John S. Naylor was the first to show Scottish Terriers in America. At a show in Pittsburgh in 1884, he exhibited Tam Glen and Bonnie Belle, dogs he had imported from England. They were entered in the Rough-Haired terrier class at the first show Mr. James Mortimer, an Englishman who became superintendent of the Westminster Kennel Club and was a longtime AKC delegate, ever judged in America. Mortimer was also a Scottish Terrier enthusiast, claiming that the dog “cannot be outrivaled by any other breed of terrier, or any other breed for that matter.” In letters to Dr. Fayette C. Ewing, Naylor notes that the breed did not catch on immediately in the United States. Some people initially were interested in the dogs since they had heard “Scotch Terriers” were excellent rodent catchers, but most were simply looking for a pet. Many thought the Scottish Terrier to be unattractive and aloof. Naylor was hard-pressed to sell the dogs. He showed until 1899 and then threw in the towel when it seemed his work was getting the breed nowhere.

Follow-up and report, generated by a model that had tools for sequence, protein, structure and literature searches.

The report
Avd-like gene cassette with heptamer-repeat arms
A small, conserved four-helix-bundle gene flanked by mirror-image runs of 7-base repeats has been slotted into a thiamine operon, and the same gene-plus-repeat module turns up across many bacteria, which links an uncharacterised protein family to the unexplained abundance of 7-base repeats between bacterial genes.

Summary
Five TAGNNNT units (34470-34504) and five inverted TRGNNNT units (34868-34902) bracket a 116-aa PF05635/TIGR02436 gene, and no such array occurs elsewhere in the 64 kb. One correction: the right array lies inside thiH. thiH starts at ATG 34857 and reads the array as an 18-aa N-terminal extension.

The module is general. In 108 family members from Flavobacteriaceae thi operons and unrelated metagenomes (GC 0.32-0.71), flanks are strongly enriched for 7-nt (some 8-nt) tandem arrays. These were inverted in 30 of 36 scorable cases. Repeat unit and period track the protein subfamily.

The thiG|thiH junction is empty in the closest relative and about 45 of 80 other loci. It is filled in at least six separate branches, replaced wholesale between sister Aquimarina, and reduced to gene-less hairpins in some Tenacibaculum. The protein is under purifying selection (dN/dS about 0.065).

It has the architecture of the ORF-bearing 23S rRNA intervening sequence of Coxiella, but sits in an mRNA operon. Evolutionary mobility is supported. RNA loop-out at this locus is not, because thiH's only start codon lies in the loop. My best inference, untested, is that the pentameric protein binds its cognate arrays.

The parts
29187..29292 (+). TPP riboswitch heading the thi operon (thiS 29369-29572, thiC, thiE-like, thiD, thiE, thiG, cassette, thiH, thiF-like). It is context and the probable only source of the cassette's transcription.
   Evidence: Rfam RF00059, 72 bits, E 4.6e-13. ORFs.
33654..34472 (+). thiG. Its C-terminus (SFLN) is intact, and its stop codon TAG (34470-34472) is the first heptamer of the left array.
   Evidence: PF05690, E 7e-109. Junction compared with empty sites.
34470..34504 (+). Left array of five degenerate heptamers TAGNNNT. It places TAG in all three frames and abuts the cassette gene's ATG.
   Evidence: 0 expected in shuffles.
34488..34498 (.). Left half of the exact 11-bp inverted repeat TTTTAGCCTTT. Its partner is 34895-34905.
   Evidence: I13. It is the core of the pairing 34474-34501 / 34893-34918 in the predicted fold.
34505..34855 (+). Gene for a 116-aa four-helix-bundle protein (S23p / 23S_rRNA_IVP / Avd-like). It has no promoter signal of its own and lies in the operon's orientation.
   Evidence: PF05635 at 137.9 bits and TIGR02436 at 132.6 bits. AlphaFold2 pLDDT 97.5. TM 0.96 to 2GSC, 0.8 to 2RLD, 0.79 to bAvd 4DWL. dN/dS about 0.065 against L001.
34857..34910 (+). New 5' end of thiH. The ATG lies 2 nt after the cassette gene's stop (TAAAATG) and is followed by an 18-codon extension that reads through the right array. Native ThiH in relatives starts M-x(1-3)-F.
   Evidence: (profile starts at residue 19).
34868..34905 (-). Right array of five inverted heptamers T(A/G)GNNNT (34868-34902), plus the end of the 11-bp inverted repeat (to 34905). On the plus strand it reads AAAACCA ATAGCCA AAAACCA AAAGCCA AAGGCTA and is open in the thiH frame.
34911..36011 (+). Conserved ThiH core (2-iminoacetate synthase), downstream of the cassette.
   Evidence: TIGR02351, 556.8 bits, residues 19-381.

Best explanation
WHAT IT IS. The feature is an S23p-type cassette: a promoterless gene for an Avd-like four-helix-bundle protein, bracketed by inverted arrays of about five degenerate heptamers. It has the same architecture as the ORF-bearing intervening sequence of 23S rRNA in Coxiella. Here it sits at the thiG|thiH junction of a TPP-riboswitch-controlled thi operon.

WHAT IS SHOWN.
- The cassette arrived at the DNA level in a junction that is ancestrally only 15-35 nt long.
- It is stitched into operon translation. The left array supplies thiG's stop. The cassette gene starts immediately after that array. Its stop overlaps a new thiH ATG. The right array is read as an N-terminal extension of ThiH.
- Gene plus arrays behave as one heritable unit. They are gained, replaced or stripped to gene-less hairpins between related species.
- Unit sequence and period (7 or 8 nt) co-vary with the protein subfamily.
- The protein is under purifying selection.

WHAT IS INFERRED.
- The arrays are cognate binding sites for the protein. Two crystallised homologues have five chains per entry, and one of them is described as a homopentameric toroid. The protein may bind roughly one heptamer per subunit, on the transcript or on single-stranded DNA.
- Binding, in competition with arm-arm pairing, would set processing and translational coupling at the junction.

A second attempt was made to popularize the breed by Mr. Henry Brooks and Mr. Oliver Ames around 1890. Mr. J. L. Little joined the campaign a bit later. These three spent a good deal of money and time importing dogs and started American breeding programs. However, they faced little serious competition in the show ring and could barely give away their dogs, let alone sell them, so they became discouraged.

Finally, in 1900 an American club was formed and the breed was put on a solid ground thanks to the efforts of Dr. Ewing. As S. S. Van Dine put it in the introduction he wrote for one of Ewing’s books, the man “has been one of the foremost breeders of Scottish terriers in this country, and he has probably had his finger in more Scottish terrier pies in the history of the Scottie in America than has any other man,” and his Nosegay Kennels enjoyed forty years of success and activity. Ch. Nosegay Sweet William, the most famous and successful of Ewing’s dogs, helped to bring the breed into favor with terrier lovers.